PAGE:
Ain’t she a looker? They don’t build bridges like this anymore.
The Kern Bridge, which has spanned the Le Sueur River in rural Mankato, Minn., since 1873, somehow has survived its 145th winter and spring flooding season. Soon, it will be gone, the Mankato Free Press says.
You probably have to be a lover of bridges to fully appreciate the bridge, which is on the National Register of Historic Places. She’s a mess right now and it’s amazing it hasn’t fallen into the river, judging by the photographs of her present condition on the Free Press website.
But the bridge is the last of its kind in America — a single-span, wrought-iron, bowstring arch through truss to be precise — and it’s coming down.
It will be removed soon, put in storage and maybe — maybe — it will be rebuilt somewhere as a pedestrian and cyclist bridge.
“I’m hoping that this area will find a place for it, but if it goes somewhere else in the state, that would be OK, too,” Lisa Bigham, acting state-aid engineer for the Minnesota Department of Transportation’s Mankato district, tells the Free Press.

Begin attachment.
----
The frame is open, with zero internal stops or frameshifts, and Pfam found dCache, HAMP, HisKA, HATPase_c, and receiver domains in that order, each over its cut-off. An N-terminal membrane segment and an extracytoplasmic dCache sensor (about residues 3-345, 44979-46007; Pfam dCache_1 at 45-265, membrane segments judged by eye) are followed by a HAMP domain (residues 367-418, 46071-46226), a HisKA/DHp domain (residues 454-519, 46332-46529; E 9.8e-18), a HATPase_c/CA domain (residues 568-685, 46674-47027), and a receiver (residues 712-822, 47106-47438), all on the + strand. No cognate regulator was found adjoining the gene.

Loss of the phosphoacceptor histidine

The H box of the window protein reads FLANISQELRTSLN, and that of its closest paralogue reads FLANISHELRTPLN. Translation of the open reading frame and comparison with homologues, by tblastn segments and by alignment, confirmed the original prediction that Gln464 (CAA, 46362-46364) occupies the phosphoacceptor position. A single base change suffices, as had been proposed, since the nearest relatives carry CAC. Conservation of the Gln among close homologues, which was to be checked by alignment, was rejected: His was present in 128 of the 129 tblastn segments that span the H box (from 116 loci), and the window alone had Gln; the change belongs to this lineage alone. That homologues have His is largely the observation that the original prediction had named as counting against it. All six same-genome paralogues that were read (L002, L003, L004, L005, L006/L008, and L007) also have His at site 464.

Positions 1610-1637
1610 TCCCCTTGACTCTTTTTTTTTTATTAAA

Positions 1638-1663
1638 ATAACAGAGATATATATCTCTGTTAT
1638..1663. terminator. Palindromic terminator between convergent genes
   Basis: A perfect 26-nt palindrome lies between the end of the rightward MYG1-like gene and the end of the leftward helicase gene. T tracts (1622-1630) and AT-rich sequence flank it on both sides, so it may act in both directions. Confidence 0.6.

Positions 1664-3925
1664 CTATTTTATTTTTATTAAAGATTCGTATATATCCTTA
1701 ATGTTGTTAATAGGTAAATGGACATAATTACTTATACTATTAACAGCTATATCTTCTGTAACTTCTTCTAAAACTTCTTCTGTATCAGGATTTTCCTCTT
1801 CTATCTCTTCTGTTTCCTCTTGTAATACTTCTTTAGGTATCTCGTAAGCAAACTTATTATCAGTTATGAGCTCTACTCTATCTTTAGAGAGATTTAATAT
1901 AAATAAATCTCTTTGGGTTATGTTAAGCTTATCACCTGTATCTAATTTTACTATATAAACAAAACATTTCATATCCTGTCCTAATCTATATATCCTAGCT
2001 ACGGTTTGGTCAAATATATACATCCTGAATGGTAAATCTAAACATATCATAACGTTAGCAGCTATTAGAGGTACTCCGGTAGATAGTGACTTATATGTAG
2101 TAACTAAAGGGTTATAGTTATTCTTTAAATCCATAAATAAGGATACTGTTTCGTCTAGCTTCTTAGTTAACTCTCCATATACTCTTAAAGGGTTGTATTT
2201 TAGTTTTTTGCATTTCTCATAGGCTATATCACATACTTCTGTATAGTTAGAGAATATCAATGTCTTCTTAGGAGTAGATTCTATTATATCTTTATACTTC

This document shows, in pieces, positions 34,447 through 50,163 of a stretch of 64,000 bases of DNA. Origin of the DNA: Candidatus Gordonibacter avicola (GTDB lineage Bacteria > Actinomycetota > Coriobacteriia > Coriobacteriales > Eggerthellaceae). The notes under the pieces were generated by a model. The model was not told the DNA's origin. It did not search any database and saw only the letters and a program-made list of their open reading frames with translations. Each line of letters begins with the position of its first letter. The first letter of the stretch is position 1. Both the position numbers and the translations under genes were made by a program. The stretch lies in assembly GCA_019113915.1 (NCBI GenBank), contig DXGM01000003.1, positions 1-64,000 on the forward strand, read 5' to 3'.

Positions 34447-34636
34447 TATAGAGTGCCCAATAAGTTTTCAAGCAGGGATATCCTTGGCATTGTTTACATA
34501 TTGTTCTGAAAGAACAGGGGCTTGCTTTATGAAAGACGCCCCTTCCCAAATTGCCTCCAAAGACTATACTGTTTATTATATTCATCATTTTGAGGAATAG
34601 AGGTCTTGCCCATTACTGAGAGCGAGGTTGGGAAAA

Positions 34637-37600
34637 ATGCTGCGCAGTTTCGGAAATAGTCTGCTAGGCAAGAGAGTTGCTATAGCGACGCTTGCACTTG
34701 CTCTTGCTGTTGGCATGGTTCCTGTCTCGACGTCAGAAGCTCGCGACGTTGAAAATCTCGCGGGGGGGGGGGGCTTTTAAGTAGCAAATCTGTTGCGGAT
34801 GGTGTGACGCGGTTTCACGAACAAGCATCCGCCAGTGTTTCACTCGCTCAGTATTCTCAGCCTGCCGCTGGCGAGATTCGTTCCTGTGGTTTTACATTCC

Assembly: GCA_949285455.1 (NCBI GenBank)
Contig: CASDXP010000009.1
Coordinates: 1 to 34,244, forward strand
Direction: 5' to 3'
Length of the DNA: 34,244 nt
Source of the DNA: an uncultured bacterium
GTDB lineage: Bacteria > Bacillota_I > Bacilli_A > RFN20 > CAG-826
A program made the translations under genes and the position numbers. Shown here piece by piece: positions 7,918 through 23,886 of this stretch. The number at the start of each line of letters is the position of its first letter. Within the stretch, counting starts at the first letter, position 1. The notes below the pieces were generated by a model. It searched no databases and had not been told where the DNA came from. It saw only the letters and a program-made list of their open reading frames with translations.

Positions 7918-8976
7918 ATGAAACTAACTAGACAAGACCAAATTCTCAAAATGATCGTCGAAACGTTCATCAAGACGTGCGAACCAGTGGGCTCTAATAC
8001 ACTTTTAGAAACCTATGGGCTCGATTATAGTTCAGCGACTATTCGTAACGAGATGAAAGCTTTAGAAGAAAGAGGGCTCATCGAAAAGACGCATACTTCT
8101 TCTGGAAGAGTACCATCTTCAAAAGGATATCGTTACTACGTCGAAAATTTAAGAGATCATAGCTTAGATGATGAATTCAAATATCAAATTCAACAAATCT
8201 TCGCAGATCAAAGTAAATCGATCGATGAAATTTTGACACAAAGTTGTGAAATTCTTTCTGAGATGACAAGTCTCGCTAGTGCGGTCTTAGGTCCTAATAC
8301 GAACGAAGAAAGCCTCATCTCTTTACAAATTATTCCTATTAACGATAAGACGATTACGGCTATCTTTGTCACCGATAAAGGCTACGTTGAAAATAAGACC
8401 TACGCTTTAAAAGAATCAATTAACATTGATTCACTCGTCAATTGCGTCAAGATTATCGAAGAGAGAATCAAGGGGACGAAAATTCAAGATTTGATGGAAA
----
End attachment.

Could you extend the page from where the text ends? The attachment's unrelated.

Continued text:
It’s 190 feet long and sits on good Mankato limestone that’s seen better days. At the time of its designation, it was the oldest bridge still in use. But it was closed to road traffic in 1990.
Supporters have been trying to raise money to save the bridge for future use and met their goal just before Christmas. Then came winter.
“I drove out during the high water to make sure it was still there, and it was,” Bigham tells the paper. “… I was worried it was going to fall in the river after all the snow. That would have been a shame after finally lining up this money.”
Some of it comes from money left over from work on the Stone Arch Bridge in Minneapolis.
Will the bridge ever rise again? It could cost as much as $1.2 million to reassemble it somewhere.
MnDOT will only store it for 10 years while awaits a new home.